As a business owner, there are two basic ways in which you can supply water to your commercial property. You can either opt for well water or city water supply systems.
It might seem like going with one or the other is a no-brainer for your business, but there are many considerations that should weigh in on your decision.
From cost to business type, location, and more, we’ve documented everything you need to consider -- whether you’re building a new business or are a current business owner looking to switch from one water supply system to another.
Well water refers to privately owned water sources. The water and septic system are located on your property, and you are responsible for testing, treating, and maintaining them.
City water supply systems, on the other hand, refer to public water systems maintained, treated and serviced by the municipalities. City water is paid for via regular bills or taxes.
Well water can often be undesirable and, in some (rare) cases, unfit for human consumption.
It can have a foul odor and be too "hard," causing damage to appliances and making it expensive to use because more softeners are needed to make it usable -- during laundry, for example.
The water can also be contaminated with bacteria, viruses, and dissolved solids. If not treated, this leads to cases of waterborne gastrointestinal illnesses.
However, well water isn’t always undesirable. If the water has been tested for a variety of chemicals and heavy metals and is ultimately found to be safe -- it can be treated further to become safe for consumption. If you are already using well water and don’t notice any issues with it, it might not be worth it to incur the expenses to make a switch.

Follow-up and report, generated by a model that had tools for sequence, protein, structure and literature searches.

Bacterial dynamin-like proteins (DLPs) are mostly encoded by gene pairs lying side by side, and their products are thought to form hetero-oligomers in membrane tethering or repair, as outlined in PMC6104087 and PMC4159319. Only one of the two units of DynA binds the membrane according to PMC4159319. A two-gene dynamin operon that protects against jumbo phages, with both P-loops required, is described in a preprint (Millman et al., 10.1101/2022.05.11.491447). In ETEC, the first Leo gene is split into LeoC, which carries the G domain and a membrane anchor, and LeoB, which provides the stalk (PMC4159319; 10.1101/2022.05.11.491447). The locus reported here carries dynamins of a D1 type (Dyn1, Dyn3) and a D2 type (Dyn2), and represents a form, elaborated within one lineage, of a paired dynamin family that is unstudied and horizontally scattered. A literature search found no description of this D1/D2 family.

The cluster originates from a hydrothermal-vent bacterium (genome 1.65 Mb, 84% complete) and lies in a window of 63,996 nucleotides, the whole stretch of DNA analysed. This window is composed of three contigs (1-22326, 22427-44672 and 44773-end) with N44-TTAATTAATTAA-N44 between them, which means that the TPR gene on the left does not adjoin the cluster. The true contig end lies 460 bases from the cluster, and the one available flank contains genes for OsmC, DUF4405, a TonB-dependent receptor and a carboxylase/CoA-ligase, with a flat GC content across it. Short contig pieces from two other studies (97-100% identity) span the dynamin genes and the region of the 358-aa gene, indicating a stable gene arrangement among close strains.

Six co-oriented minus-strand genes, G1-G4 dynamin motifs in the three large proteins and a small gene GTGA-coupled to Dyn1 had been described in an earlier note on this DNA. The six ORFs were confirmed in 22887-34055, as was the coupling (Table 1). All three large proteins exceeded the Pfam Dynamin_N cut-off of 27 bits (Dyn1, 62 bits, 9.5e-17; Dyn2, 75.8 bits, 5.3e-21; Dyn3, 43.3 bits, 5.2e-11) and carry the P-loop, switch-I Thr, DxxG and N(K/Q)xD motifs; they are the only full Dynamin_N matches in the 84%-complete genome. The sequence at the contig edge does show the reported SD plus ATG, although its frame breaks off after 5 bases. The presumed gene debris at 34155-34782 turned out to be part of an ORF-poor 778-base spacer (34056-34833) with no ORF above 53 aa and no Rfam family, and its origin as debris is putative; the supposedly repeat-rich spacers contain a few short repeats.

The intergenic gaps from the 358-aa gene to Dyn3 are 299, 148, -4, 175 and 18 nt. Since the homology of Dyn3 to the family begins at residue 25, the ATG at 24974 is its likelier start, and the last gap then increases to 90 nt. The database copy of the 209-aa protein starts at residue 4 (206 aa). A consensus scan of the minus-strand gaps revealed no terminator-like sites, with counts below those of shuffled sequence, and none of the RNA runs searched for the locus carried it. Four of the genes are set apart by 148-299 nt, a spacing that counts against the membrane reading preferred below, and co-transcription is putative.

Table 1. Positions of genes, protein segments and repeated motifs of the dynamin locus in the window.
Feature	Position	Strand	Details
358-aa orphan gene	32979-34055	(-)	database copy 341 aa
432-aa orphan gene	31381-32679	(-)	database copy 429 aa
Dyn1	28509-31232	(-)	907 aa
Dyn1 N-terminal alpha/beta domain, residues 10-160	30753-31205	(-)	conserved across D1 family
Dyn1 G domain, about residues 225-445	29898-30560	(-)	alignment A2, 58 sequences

Well water can also come in handy in areas where running water lines for the city water is a challenge, such as near steep hills and bridges. It can be too expensive to install city water in those cases.
City water supply systems are often the best option for any commercial property.
Not only does the city water arrive at your property treated and ready for human consumption, but also the municipality is responsible for maintaining and servicing the system. You are only accountable for the condition of the water lines within your property.
City water systems are also often used in conjunction with public sewers. You're not required to install a septic system like with well water.
Additionally, with city water you don’t risk running out of water (as you sometimes do with wells) because most cities often have backup systems they rely on in case of emergencies.
However, city water isn’t necessary for every single business. It’s a priority for:
- Restaurants – Food and drinks can be contaminated by bad water.
- Hotels – Guests don’t want to shower with hard or stinky water.
- Laundromats – Hard water does not lather easily and can even discolor clothes.
- Food processing companies – Again contaminated water can taint food products.
- Water parks and swimming pools – People don’t want to play in hard, cloudy, or smelly water.
Cost Considerations of City Water
Though city water beats out well water in a lot of key areas, it can be more expensive.
For example, with city water you have to pay capacity charges. These charges are higher for businesses than residential lots, and are based on the size of the utility that you need.
It's evident that city water is the better option for most businesses, but not all. Your water capacity needs, location, budget, and other factors can help you decide what’s best for you.
Still not sure? Contact us! We’re happy to walk you through what would be best for your commercial lot when considering well water vs city water.